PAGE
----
Pet owners are legally required to microchip their dogs once they are eight weeks old in a law that came into effect this morning - but magazine chief Ryan O'Meara has refuted claims it will reduce dangerous dog attacks.
The new legislation is designed to make it easier to return a dog to its owner if it is lost or stolen, and to assist with prosecution if the dog attacks someone. Owners could face a fine of up to £500 if they do not comply with the new law.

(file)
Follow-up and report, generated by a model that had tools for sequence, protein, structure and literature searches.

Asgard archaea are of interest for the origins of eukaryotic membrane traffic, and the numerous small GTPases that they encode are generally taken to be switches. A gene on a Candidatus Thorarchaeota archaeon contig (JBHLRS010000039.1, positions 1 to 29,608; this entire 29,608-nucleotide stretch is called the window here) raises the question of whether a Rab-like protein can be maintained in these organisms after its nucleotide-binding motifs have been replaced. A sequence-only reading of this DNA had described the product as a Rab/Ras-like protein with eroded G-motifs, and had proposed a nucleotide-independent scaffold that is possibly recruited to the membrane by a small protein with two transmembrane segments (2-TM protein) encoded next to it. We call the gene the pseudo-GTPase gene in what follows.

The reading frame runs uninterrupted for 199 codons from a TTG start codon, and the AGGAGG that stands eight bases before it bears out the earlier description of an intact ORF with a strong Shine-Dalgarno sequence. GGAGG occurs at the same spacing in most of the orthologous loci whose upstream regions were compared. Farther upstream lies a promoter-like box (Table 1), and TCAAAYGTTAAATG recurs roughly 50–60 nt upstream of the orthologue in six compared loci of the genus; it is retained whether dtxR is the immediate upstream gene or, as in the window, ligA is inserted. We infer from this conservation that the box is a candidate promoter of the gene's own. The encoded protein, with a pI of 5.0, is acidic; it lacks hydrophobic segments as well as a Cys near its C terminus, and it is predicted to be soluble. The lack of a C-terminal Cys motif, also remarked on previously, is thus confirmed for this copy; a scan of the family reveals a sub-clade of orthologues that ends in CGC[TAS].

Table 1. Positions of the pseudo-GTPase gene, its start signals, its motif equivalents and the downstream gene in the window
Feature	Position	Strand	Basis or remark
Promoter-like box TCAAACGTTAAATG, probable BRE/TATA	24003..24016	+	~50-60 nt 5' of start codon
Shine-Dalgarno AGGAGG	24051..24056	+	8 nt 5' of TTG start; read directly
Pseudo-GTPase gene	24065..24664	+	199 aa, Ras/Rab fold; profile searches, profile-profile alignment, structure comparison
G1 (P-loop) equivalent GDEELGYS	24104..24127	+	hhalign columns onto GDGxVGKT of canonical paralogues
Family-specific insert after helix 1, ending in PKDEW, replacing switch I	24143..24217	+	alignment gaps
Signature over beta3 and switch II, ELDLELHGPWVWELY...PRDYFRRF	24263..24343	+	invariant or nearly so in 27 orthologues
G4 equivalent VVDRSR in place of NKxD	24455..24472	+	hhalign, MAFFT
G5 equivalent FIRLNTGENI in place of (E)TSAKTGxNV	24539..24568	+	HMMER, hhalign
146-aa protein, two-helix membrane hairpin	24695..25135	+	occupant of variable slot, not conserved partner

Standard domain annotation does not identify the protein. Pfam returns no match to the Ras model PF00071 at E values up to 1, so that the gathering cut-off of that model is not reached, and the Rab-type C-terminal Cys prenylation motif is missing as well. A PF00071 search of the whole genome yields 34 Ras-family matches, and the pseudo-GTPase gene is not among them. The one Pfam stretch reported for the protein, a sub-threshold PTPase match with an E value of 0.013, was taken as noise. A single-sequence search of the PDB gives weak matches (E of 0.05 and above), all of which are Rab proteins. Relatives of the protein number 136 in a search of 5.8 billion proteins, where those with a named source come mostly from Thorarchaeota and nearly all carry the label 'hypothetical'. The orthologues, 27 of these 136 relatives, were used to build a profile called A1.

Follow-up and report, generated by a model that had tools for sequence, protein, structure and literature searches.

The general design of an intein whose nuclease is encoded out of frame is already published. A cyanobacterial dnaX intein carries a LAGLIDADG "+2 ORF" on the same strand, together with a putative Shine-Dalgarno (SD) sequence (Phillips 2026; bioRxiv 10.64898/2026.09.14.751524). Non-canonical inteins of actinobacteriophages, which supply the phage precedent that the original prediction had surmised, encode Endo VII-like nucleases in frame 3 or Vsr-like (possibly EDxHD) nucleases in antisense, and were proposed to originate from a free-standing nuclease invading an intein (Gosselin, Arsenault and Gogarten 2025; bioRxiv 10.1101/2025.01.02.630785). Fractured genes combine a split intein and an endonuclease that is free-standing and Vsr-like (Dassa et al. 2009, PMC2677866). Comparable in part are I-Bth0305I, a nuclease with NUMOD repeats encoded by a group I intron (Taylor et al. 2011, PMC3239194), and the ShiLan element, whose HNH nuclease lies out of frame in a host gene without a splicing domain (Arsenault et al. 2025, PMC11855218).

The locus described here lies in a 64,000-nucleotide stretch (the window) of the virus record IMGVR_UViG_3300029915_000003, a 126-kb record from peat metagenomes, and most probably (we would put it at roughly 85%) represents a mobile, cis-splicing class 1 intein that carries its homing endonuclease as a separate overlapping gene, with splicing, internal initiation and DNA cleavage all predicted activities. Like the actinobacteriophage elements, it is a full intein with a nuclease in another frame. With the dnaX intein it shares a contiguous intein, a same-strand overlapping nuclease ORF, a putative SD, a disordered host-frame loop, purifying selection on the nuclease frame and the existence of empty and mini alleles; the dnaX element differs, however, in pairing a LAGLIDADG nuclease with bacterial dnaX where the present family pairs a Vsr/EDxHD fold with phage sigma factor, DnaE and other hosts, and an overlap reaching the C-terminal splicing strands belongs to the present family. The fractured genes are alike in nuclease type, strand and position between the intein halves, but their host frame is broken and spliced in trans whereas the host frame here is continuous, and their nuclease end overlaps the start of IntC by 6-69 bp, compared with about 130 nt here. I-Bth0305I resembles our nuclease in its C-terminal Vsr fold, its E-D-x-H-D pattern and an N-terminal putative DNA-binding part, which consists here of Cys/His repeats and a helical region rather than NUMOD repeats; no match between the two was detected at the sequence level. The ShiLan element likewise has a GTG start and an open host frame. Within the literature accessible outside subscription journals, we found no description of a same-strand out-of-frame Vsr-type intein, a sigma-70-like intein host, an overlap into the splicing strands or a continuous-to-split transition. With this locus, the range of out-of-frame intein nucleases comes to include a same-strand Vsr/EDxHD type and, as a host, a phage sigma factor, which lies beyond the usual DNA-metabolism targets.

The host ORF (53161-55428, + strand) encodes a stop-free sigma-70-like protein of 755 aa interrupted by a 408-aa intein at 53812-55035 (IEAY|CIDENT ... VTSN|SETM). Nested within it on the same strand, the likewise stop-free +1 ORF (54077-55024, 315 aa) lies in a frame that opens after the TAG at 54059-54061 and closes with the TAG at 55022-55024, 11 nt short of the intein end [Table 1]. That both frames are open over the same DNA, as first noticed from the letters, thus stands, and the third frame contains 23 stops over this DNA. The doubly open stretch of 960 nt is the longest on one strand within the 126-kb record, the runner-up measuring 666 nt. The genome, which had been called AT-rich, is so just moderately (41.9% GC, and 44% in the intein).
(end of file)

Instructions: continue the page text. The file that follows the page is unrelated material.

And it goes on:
But in an interview with Julia Hartley-Brewer, K9 Magazine editor O'Meara claims the microchip won't be enough to fix wider problems.
He said: "I have heard people suggest it's going to help with reducing the number of dog attacks and with owners of dangerous dogs. I would challenge anybody to explain how. A dog with a microchip is still going to bite you if it's badly trained, and it's still going to foul on the pavements if its owners don't clear up after it.
"I don't want anybody in government sitting back and saying, 'we've fixed the dangerous dog problem because we've got compulsory microchips'. We need to go a lot further in the prevention of dog attacks."